In this piece, we take a look at the past, present and likely future state of the retirement savings vehicles offered by private sector employers in America. Much has been written about the death of the defined benefit (DB) plan and the rise of the defined contribution (DC) plan in its place. Are DB plans going the way of the dinosaur? What has been the impact of the movement to defined contribution plans? Are Americans saving enough for retirement?
To get a better sense of the overall trends in the retirement benefits offered by corporate America, we turned to the Private Pension Plan Bulletin issued by the Employment Benefits Security Administration . In it we see that the number of employer-sponsored pension plans peaked in 1983 at roughly 175,000 and have been declining ever since to roughly 39,600 in 2020 (the last year data was available).1
Despite the massive decline in the number of DB plans, the number of participants in DB plans shows a much more modest decline, from 40 million in 1983 to 31.9 million in 2020. Moreover, DB assets have actually increased from $642 billion in 1983 to $3.5 trillion in 2020.1
Taking a look at the pension risk transfer market, we see that 2022 was a record-setting year, with over $50 billion in pension risk transfer activity.2 However, when compared with the overall market, this amount is less than 2%. So, while traditional DB plans are indeed a dying breed, it is a slow death, and these plans are likely to be with us for the foreseeable future.
Another interesting data point from the EBSA study is that the number of DB plans offered by employers with less than 100 employees has actually increased, from a low of roughly 34,000 in 2012 to roughly 40,000 in 2020.1 In our opinion, this largely reflects the rise of cash balance pension plans. These hybrid plans offer many of the benefits of both DB and DC plans, while allowing for greater deferrals into tax-preferred retirement accounts.
In one high profile example, IBM recently announced that they are reinstating a defined benefit plan for their employees in the form of a cash balance plan. If IBM is any indication, we may actually see a resurrection in DB plans, albeit in the form of cash balance plans.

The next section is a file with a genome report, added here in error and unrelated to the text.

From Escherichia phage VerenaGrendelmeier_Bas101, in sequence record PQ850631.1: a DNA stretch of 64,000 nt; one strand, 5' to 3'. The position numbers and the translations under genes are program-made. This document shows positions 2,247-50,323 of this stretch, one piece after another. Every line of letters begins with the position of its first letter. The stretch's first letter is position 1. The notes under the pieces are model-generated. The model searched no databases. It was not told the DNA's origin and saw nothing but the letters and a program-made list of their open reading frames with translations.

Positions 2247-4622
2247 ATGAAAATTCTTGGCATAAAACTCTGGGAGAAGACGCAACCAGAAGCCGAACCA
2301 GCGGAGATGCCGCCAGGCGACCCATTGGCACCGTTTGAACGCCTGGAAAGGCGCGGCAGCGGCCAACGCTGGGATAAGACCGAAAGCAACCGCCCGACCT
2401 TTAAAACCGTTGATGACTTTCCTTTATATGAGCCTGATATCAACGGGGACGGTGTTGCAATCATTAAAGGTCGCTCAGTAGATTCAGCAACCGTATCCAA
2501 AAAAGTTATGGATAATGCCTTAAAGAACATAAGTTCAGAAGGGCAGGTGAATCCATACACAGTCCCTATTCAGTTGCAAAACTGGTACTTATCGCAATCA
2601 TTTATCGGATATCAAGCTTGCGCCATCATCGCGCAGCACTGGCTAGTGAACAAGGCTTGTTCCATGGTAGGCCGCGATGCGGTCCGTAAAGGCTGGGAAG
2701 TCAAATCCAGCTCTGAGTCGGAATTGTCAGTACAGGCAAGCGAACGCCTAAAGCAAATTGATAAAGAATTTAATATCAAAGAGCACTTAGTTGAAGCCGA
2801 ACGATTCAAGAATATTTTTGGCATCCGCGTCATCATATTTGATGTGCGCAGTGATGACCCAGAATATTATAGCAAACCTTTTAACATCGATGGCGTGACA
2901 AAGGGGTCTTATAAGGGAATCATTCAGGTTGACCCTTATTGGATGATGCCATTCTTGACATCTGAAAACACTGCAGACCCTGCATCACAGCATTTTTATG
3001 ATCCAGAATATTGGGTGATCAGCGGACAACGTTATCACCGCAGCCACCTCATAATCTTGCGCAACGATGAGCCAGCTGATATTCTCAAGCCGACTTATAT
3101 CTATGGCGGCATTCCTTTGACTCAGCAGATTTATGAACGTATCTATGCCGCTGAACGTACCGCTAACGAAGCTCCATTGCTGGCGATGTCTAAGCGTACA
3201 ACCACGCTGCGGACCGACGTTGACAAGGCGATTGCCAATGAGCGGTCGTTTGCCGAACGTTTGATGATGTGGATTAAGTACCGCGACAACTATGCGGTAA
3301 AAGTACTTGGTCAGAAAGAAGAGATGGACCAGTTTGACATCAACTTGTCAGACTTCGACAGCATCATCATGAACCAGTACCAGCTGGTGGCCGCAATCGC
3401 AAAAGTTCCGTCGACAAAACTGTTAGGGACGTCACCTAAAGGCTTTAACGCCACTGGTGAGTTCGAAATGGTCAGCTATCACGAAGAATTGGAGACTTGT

DC plans, on the other hand, have steadily increased from roughly 428,000 in 1983 to 700,000 in 2020. Participants in DC plans rose from 29 million in 1983 to 110 million in 2020 while assets ballooned from $281 million in 1983 to $8.4 trillion in 2020. In corporate America, DC assets exceeded DB assets in 1997 and they haven’t looked back since.1
Source: Private Pension Plan Bulletin Historical Tables and Graphs 1975-2020, Employee Benefit Security Administration, Department of Justice, October 2022; Form 5500 filings with the U.S. Department of Labor.
Employers tend to favor DC plans as they shift investment risk from the sponsor to the participant, are simpler to administer, and offer more predictable contribution requirements. Employees haven’t complained as they tend to favor the enhanced portability that comes with a DC plan. The fear here has always been that putting individuals in charge of their retirement will result in poor investment decisions leaving them unprepared for retirement. Has this been the case?
So far, the evidence is mixed. First the good news. A recent study performed by the Investment Company Institute analyzed a cohort of Americans who turned 55 in 2000 until they reached age 72 in in 2017. They found that for the typical individual, income in retirement represented more than 90% of the inflation-adjusted spendable income they had on average from ages 55-59.3 Even more encouraging: lower income Americans typically had higher income replacement ratios.
However, these conclusions stand in stark contrast to other studies4 that indicate roughly 50% of Americans are not on track to maintain their current living standards in retirement.
We believe there are steps employers can take to help their employees retire with dignity. It starts by ensuring access to a retirement plan. Small businesses have historically been much less likely to offer retirement plans to their employees. We’re optimistic that recent legislation may help change that. The next step is education – and here too, we are encouraged by the increase in financial wellness offerings that are offered to participants. Finally, plans must be well-run, offering important features such as auto-enrollment and auto-escalation along with attractive, low-cost investment options. By increasing access and education, and offering well-designed, low-cost plans, the odds increase meaningfully.
Fiducient Advisors is proud of the many ways we’ve worked with Plan Sponsors to help ensure a successful retirement for millions of Americans. Whether you are considering starting up a cash balance plan, dealing with a legacy pension plan or are focused on providing the best 401(k) plan you can for your employees, Fiducient Advisors is here to help.
Please contact us today to learn how our deep team of knowledgeable experts can help you structure and manage world class retirement plans for your employees.
1 Private Pension Plan Bulletin Historical Tables and Graphs 1975-2020, Employee Benefit Security Administration, Department of Justice, October 2022
2 Pension Risk Transfer Monitor, Legal and General, August 2023
3 2023 Investment Company Fact Book, Investment Company Institute, 2023
4 See for example: Retirement Savings Shortfalls: Evidence From EBRI’s 2019 Retirement Security Projection Model®, The retirement outlook: A national perspective on retirement readiness (vanguard.com), The National Retirement Risk Index with Varying Claiming Ages – Center for Retirement Research (bc.edu)
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